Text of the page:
Per Yahoo Finance, more “than 3,500 [retail] stores are expected to close over the next several months … Traditional retailers with large fleets of physical stores have been hit the hardest.”

Source:  Business Insider / Yahoo Finance

Although brick and mortar store closures are blamed on the rising efficiencies presented by online purchasing options, the underlying realities behind store and whole mall closures has more to do with higher unemployment than “officially” reported and again, weakening income growth.


Tellingly, further scrutinizing of the so-called “fear gauge” is back, as it was eight to ten years ago.  I.E. The Chicago Board Options Exchange Volatility Index, or VIX for short, which measures levels of near-term equity volatility risk as gathered through the S&P 500 stock index option prices.  The VIX has risen as of late, which can only logically dovetail into what was referenced at the start of this article regarding the Dow’s aggressive drop last week.


Relatedly, the levels of shorting interest by investors have risen as well.  This indicates that further equity losses have been, and continue to be, expected by investors.  The core measurement vehicle for gauging such shorting interest is the SPDR S&P 500 ETF, the rather telling one year chart for which is listed below.

Source:  Yahoo Finance

Clearly, there are plenty of other indicators, metrics and means for taking the pulse of an overleveraged economic system that presents dissipating returns to hard working Americans.  I just thought I’d list a few, taking acute snapshots of current data, hoping that readers will in turn track said data for themselves.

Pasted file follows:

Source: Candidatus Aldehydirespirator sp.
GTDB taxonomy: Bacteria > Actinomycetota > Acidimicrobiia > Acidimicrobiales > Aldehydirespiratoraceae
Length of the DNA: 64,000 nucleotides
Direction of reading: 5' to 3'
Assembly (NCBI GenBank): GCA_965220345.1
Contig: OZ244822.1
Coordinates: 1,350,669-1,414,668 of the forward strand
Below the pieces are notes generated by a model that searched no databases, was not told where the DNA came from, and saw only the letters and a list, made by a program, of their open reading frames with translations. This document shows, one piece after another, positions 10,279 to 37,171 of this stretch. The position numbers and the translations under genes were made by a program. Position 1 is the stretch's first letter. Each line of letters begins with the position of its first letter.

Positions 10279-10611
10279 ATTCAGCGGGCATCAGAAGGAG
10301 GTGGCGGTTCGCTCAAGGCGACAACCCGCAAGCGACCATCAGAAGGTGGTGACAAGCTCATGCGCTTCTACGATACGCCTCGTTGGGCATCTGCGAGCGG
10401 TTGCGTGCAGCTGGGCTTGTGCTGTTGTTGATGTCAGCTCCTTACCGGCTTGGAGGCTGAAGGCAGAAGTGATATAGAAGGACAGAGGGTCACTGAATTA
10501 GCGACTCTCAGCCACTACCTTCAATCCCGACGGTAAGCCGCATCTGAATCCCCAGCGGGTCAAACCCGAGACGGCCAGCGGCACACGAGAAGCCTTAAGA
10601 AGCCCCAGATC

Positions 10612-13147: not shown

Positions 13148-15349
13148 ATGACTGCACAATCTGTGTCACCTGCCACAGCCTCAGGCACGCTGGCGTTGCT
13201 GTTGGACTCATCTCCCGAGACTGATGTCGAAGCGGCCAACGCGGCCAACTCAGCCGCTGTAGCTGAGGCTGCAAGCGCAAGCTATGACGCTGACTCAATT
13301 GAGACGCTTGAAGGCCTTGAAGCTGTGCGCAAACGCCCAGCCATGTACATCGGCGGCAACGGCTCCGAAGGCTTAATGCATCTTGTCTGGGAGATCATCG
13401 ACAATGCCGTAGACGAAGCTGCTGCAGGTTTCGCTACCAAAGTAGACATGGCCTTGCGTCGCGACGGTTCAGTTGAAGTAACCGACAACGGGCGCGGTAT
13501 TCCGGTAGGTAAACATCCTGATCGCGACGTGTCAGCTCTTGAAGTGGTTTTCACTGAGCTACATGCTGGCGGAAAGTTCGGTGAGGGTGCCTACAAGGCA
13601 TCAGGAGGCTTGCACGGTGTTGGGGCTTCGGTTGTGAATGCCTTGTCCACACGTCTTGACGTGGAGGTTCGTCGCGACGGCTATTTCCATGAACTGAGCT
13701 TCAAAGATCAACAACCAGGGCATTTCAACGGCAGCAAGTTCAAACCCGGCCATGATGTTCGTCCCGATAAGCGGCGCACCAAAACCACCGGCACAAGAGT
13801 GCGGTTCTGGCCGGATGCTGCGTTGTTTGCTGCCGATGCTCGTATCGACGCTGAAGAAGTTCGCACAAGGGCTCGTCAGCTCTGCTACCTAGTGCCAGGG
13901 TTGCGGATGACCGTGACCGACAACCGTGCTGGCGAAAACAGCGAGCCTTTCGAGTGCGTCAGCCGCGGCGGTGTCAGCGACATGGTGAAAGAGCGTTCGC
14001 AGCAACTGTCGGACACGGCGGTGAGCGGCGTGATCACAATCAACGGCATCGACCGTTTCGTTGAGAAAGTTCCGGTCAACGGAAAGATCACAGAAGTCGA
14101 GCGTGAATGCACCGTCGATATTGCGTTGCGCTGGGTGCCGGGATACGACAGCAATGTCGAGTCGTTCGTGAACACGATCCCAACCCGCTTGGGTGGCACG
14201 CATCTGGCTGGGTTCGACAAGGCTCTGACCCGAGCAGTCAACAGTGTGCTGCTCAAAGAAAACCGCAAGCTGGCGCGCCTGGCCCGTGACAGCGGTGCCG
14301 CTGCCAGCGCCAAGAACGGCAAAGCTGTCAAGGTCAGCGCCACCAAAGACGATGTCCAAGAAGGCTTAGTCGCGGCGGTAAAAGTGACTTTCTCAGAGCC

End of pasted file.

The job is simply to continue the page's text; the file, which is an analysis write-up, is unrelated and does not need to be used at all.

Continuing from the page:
We face serious economic and thus political consequences resulting from decades of a macro level of profligacy which resulted from a collusion of corporate and governmental/regulatory actions.  How the US government – and, crucially, foreign-based ruling banking institutions such as the IMF and Bank for International Settlements – intend to either work collectively toward a ‘soft landing’ equivalent (as much as possible, certainly) versus a purposeful, ‘Creative Destruction’-driven sense of aggressive transnational asset consolidations, is a separate subject worth tracking.  Yet the size and nature of the stakes, when viewed with clarity through viable economic metrics, should ideally drive citizens, investors and analysts toward attaining the requisite tools for provisioning a rare sense of preparation for what is approaching.

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 Pye Ian, Newsbud Senior Analyst & Commentator, is an independent economic and geopolitical researcher as well as a strategic planning and business development advisor.  His articles and analyses on international affairs, economic trends and cultural topics have been published in various mainstream and alternative press sources. Mr. Ian’s wider intellectual interests are reflected in his writings on the convergence of foreign affairs, political philosophy, history, global finance and energy policy. He has undergraduate degrees in economics and political science from the University of California and a Master’s degree in finance from Cambridge University. In addition to English, Mr. Ian has proficiency in Farsi.